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Identifying and Resolving SAP/DB2 Access Path Problems

A general rule of thumb for good SAP Performance is that the application should make use of table indices, wherever available (‘SQL/Index Agreement’), in order to ensure the most efficient access to the database. Despite the apparent simplicity of ABAP code being converted to SQL which executes in the database, DB2’s Cost Based Optimizer (CBO) actually considers a number of factors in determining exactly how it will access the database.

About The Cost Based Optimizer

  • The CBO considers the SQL that is passed to DB2 from the application, as well as statistics about the table and its indices from the DB2 Catalog
  • DB2 Catalog statistics are generated by the DB2 ‘runstats’ utility, which populates the catalog with values for cluster-ratio, cardinality, etc.
  • Depending upon the catalog statistics, and the internal algorithms of the DB2 Optimizer, DB2 may choose an access path which differs from ‘SQL/Index Agreement’

SQL/Where-Clause Agreement

The SQL statement in the ‘Where-Clause’ is consistent with the results of the SQL explain


What Are The Impacts Of Access Path Problems?

Many times they are characterized by a database read ‘jumping the tracks’ from an indexed to a sequential read, which can manifest itself as an order of magnitude increase in run time

Degradation is at the SQL level – relative infrequency of an SQL statement within a program can mitigate or mask negative effect on overall transaction

On Update statements, degraded access path leads to longer held locks, table contention, and an increase in deadlocks and timeouts when executed in parallel with other statements requiring the same table

How Can We Detect Access Path Problems?

Customer complaint of drastic performance degradation for a specific program or transaction

Trace of long-running SQL during system monitoring (SM66, ST05)

Analysis of most resource-intensive SQL statements in cursor cache (ST04 Transaction for DB2 z/OS systems)

Following any of the above, you determine:

Explain of SQL statement yields an access path which does not match the index corresponding to the ‘where clause’, AND Performance of SQL statement is worse than previous benchmark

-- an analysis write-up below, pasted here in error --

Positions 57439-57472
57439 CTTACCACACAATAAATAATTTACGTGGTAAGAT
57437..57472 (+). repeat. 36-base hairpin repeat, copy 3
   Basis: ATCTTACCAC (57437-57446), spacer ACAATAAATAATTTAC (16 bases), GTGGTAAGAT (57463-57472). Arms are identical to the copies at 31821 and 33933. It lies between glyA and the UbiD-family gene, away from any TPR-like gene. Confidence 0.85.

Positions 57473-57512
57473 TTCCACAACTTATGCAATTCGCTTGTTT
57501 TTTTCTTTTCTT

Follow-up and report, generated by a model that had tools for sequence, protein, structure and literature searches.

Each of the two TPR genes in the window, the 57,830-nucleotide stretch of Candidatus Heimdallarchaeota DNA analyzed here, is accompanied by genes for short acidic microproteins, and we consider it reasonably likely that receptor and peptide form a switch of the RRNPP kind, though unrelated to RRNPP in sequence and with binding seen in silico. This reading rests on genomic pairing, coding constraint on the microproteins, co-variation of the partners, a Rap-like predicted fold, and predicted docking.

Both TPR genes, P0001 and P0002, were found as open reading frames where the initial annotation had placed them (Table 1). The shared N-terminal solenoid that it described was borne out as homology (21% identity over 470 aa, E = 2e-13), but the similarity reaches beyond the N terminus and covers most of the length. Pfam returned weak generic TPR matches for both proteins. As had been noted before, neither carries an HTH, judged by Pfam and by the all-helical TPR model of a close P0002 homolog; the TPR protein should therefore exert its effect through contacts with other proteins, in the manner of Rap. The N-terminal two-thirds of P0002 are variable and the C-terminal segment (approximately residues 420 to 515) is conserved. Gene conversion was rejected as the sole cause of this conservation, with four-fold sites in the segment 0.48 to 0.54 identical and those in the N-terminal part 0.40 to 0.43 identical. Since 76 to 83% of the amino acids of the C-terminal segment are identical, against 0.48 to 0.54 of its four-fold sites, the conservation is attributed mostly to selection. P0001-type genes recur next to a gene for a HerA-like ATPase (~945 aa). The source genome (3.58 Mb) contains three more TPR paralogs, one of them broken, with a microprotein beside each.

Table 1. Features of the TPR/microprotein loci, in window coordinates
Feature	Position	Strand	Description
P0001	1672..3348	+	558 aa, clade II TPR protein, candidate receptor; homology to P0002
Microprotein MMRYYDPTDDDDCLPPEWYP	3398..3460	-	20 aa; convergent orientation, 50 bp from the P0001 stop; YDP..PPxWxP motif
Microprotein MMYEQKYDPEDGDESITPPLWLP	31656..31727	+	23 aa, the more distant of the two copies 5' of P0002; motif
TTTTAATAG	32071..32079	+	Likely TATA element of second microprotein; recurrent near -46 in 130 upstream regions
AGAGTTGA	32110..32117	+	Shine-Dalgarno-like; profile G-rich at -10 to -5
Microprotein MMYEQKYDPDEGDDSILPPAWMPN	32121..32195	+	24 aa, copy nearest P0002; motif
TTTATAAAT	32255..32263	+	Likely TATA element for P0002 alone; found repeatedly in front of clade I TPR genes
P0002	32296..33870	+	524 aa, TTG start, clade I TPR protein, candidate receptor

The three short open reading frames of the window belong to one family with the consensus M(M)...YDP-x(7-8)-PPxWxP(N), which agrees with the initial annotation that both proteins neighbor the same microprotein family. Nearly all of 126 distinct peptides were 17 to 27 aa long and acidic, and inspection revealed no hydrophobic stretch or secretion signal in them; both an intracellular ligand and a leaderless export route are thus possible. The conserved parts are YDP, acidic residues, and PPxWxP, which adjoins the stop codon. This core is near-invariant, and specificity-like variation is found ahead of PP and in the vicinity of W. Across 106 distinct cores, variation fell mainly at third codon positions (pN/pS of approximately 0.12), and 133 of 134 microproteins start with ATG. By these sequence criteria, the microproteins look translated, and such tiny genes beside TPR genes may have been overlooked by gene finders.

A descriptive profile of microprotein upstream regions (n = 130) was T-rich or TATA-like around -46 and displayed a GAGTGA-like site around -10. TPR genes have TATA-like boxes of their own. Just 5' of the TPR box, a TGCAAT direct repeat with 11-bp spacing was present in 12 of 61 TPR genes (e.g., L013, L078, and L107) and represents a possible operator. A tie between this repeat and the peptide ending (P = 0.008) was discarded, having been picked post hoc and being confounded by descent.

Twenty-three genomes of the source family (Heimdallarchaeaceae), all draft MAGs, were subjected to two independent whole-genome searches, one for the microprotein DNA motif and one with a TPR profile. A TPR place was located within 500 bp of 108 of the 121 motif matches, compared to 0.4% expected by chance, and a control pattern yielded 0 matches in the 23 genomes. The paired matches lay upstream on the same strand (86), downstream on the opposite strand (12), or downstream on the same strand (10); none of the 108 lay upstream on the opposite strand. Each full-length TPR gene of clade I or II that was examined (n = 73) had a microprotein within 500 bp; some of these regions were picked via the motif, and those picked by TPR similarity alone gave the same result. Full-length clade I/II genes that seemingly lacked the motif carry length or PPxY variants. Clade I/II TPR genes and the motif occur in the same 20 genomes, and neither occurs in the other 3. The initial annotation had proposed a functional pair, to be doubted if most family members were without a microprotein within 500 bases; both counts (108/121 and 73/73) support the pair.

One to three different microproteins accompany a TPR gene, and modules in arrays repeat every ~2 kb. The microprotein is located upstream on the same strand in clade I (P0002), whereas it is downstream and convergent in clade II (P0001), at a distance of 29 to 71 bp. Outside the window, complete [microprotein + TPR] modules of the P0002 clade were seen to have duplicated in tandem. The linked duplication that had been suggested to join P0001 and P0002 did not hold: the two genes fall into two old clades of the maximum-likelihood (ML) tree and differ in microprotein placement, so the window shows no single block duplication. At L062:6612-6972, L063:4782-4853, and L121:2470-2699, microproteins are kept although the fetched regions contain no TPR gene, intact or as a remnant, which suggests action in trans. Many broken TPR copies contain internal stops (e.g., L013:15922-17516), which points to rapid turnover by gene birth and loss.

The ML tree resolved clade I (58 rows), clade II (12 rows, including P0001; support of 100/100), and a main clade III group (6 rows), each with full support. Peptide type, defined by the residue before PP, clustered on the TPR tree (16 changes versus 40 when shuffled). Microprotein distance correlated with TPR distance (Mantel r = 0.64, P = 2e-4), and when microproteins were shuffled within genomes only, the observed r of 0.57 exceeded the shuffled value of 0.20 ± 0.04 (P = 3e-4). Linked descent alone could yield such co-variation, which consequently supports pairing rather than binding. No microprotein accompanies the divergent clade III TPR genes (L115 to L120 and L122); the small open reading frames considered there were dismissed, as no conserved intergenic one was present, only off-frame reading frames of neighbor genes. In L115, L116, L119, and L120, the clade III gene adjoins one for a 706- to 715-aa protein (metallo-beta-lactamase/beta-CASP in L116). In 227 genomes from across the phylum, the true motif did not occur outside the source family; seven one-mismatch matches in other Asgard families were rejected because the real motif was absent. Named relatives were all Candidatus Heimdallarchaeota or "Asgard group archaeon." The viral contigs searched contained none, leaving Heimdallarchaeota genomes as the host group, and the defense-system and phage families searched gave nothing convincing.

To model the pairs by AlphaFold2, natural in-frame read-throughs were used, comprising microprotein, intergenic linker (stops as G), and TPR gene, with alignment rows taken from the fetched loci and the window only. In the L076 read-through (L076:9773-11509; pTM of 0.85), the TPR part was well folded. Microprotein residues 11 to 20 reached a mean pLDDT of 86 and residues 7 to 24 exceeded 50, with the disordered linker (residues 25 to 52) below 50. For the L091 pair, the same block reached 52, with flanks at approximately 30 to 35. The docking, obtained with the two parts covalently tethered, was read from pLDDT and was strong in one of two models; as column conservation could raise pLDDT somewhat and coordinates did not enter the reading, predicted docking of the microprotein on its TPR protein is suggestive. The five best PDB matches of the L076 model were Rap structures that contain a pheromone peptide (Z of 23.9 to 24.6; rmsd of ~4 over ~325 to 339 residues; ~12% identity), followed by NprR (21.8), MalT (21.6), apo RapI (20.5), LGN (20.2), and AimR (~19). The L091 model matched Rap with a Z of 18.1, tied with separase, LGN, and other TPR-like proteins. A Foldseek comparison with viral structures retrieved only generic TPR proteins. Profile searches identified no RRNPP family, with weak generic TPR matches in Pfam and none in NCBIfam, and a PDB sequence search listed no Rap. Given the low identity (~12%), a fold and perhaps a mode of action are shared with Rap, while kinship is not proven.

Verification Of Access Path Problems

Trace and ‘explain’ long-running SQL

Use ST05 to trace specific user id, program or process (and drill-down and explain the suspect SQL), OR

Use ST04>>Thread Activity, in order to view SQL and explain for a particular process ID (PID)

Check the ‘access path’ from explain for agreement with fields of ‘where clause’

Access path should show sequential read, indexed read, etc

If access path and where clause are not in agreement, check for other available indices in DB02 to see if there is a better match for the where clause

If there is a better match for the where clause, compare the statistics in DB02 for both indices (actual access path and expected access path, to try and determine the delta)

NOTE: In some cases, notably for ‘small’ tables, the DB2 Optimizer will opt for a sequential read or full table scan even when a full index key is provided. This is because for such tables, it is actually more efficient for DB2 to scan the entire table/ tablespace than to use the index.  (This is a potential pitfall, however, if you have a very small table grow to be very big over a short period of time, with no execution of Runstats to ‘inform’ DB2 of the change —  this will likely result in bad response time)

Root Causes Of Access Path Problems

Bad/Inefficient SQL

Code only makes use of partial keys for available indexes, lessening the likelihood that the CBO will choose the desired access path

Use of database joins/views, particularly for large and/or volatile tables (if tables, for instance, grow to require reorg, joins can ‘break’, causing the SQL to scan the product of the tables, leading to ugly and exponential increases)

Poor index design

Key fields are duplicated among several indexes, giving them similar statistics and characteristics, and creating opportunity for ‘index competition’

The key fields chosen do not provide sufficient selectivity to make the index a good choice

Need for maintenance (reorgs, runstats) of tables and/or indices

Data Skew — SQL is written to match key, however, due to the nature of the data in the table, the index is not selective

Coding alone cannot resolve this problem. This potentially requires DB2 Hints, changes to index and/or changes to statistics

‘Fixing’ Access Path Problems

When ‘fixing’ these problems, we tend to go down a path from least to most invasive change.

These items assume that access path problem has been positively identified; verification is required after each of the following actions:

Have DBA execute runstats for the suspect index or table

Reorg the table and/or index if flagged by system, or if there has been significant and uncharacteristic activity on the table (excessive growth, mass deletions, data conversions, etc)

Analyze indexes to determine overlap/competition, dropping unneeded ones

Make changes to ABAP code, if possible/necessary:

Provide additional or all keys for desired index and ensure order of keys matches desired index

‘Code-around’ to avoid select, if it isn’t critical

‘Fake-out’ Optimizer, through manual adjustment of certain catalog stats

Scan table for presence of data skew

Implement DB2 Hints in ABAP code to bias optimizer toward desired index for SQL

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